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In S.F., Tree Huggers Vs. Sand Huggers

Bid to return areas to original dune and shrub habitat, partly by felling thousands of cypresses and pines, has activists bitterly split.

June 29, 2003|Marcelo Rodriguez | Special to The Times

SAN FRANCISCO — This city's political stage often rivals the local opera company for torrid skirmishes and over-the-top drama.

But a current conflict over how to manage San Francisco's limited open space is being played out with a level of passion that might make even the divas at War Memorial Opera House blush.

Plans to preserve and restore remnants of San Francisco's natural flora and fauna pit green versus green, dog lover versus wildflower fan and, as the two sides derisively call each other, "tree huggers" versus "sand huggers."

On one side are self-proclaimed environmentalists who want to preserve and restore "natural areas" to look as San Francisco did more than a century ago, when most of the land was covered with sand dunes and wild shrubs.

On the other side are self-proclaimed environmentalists who prefer their open space as "cultural areas" -- places where dogs run free, families picnic on vast lawns, softball players circle the bases and children seesaw and swing. They are comfortable with trees, no matter when they were planted or what their land of origin.

"We're all ecologists and we're all on the same side," said Nancy Wuerfel, an opponent of natural areas. "But it's an all-out war."

The war centers on two proposals -- one federal and one local -- that would restore open space to a historic condition but that critics fear would cut into areas open to the public.

The U.S. Fish and Wildlife Service has proposed and the National Park Service is considering a plan to chop down about 3,800 trees, mostly nonnative Monterey cypress and pines, in the federally owned Presidio. The lush 1,480-acre national historic landmark in the city's northwest corner was an Army installation until 1994.

The other plan, a 740-page draft prepared by consultants for the San Francisco Recreation and Parks Department, would set aside areas to be cleared of eucalyptus trees, weeds and other nonnative plants. Critics say that more than 1,100 acres, nearly a third of city-owned open space, could be off limits to the public.

Tempers ran so hot over the plans that the San Francisco Board of Supervisors, under pressure from opponents of natural areas, established the Park Recreation Open Space Advisory Committee, a citizens watchdog group. Given the squabble's intensity, the group's acronym, PROSAC, might seem an apt prescription for all sides.

"These people are flat-out crazy," Bill Sheppard, a lawyer who has worked on behalf of a number of environmental groups said of the restorationists. "They pick a point hundreds of years ago and try to replicate it. They are ignoring one of the most important parts of nature: evolution."

Sheppard and other opponents of expanding natural areas say it is impossible to sustain historical biological conditions in a city as developed as San Francisco. "They can't get rid of nonnative plants, because they blow in from people's yards, they're brought in on people's clothes, the birds bring them in," he said. "They are manipulating nature at the expense of public access."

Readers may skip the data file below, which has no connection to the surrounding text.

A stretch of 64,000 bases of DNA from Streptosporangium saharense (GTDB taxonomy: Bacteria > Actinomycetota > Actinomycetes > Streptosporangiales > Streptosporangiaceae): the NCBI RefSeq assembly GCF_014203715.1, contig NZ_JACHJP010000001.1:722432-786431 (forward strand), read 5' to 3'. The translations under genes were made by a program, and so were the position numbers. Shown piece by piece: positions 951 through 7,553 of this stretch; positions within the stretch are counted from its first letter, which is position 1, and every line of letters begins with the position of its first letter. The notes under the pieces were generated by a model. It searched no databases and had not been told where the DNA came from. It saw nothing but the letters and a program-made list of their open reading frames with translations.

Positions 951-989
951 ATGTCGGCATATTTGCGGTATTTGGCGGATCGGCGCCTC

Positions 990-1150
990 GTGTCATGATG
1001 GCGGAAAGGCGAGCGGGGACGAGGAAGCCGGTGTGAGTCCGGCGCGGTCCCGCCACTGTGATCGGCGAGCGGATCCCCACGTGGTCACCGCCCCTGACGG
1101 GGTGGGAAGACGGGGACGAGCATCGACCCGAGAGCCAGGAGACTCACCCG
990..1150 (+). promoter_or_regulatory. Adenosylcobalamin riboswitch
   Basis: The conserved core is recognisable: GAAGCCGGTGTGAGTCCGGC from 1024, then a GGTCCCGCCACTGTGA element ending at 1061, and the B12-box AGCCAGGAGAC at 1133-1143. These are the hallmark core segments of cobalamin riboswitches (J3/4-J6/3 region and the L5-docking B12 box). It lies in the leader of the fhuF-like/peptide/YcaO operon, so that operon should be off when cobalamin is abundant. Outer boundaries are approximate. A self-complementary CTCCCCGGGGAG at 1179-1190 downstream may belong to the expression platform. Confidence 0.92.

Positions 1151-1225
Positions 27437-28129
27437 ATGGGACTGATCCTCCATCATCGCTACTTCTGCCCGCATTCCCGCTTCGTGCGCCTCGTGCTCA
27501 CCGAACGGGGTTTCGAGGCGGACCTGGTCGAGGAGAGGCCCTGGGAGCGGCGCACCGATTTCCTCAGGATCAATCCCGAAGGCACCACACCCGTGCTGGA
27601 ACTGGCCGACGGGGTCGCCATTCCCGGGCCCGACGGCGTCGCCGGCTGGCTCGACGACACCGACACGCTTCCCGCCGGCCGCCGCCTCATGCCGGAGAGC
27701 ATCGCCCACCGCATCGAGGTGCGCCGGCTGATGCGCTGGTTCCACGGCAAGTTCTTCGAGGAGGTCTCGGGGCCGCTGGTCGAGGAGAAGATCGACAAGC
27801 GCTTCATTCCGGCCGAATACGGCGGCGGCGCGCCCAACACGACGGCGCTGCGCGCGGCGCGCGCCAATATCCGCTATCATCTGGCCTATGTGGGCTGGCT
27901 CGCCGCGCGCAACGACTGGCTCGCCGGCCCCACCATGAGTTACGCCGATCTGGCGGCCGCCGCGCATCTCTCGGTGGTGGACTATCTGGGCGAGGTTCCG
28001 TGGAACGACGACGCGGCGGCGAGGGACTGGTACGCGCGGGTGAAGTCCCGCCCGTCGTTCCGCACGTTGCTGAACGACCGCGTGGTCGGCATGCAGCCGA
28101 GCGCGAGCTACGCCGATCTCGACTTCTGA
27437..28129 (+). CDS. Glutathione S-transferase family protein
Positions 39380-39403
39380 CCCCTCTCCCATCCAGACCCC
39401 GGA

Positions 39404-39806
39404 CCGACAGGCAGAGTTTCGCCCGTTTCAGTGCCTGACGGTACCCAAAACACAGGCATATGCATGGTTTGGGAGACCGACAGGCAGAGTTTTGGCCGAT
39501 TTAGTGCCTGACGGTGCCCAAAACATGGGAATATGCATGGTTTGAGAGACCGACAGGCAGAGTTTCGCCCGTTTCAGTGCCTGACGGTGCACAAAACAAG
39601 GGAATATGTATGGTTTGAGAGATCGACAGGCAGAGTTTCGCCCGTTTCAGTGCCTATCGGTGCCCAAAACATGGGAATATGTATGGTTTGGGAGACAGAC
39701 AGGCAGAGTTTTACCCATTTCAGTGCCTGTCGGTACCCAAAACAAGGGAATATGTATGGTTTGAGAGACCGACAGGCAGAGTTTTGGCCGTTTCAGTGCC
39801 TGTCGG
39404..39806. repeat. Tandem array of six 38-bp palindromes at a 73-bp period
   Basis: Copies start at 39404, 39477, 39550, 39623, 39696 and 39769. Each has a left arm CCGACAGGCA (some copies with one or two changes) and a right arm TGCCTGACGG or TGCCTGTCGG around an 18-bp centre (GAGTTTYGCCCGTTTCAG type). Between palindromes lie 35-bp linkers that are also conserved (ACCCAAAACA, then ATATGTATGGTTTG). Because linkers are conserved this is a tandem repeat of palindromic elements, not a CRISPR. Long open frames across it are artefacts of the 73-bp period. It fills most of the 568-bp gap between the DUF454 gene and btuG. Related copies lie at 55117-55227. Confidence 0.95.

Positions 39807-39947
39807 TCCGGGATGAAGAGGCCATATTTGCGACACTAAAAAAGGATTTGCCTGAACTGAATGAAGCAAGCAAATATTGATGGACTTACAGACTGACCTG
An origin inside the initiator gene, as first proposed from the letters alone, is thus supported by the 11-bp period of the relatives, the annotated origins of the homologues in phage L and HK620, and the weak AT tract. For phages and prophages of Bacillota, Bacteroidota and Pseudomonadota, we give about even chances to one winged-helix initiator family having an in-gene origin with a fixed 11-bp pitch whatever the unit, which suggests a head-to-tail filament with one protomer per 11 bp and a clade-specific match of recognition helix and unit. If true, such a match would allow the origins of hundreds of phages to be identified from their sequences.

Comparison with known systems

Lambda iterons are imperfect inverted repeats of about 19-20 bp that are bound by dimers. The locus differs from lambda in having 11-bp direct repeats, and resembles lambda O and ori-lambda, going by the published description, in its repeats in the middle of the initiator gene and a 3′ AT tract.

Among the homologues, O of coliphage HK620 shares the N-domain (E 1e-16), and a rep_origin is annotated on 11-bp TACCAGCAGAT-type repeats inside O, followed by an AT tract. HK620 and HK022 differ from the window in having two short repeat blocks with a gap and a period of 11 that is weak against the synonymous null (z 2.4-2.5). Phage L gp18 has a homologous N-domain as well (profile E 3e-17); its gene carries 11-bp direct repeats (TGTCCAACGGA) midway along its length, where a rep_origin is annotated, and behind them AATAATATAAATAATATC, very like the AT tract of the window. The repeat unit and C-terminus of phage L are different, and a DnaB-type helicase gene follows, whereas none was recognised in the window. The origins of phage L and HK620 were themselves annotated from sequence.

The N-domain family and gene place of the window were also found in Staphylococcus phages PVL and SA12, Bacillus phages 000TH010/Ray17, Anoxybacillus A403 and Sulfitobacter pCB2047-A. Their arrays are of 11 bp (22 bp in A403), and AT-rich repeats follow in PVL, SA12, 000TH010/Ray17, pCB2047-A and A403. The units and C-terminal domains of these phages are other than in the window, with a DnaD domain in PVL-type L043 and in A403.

Golden Gate Park

San Franciscans love their parks, and they love none more than the lush 1,000-acre Golden Gate Park, which was established entirely on sand dunes in the 1870s. Opponents of natural area restoration often point to the park as an example of how publicly accessible open space is preferable to the conditions of pre-urbanized San Francisco.

"The most unnatural thing in the whole world is Golden Gate Park," Wuerfel said. "It was turned into a beautiful urban setting with plants donated from around the world, and it developed with a beautiful, exotic, nonnative flavor. And people from around the world come to visit it."

Critics of the restoration programs compare nonnative trees to human immigrants.

"How many of us are 'invasive exotics' who have taken root in the San Francisco soil, have thrived and flourished?" former Supervisor and current Assemblyman Leland Yee asked in a neighborhood newspaper.

David Looman, a longtime liberal strategist who created a political action committee, SF Dog PAC, in response to recent prohibitions against off-leash dogs in both city and federal recreation areas, agrees with Yee.

"A lot of this does have an aura of veggie racism," he said, maintaining that natural areas limit access to the city's public parks, which are used by many immigrants and ethnic minorities.

The person on the hot seat in this internecine battle is Lisa Wayne, a biologist who, since 1977, has headed the Natural Areas Program, a division of the San Francisco parks department established by city voters a year earlier.

"I thought this job was a great way to bring ecology to different parts of San Francisco and get my hands dirty," she said. "I had no idea I would be spending a good deal of my time involved in San Francisco politics."

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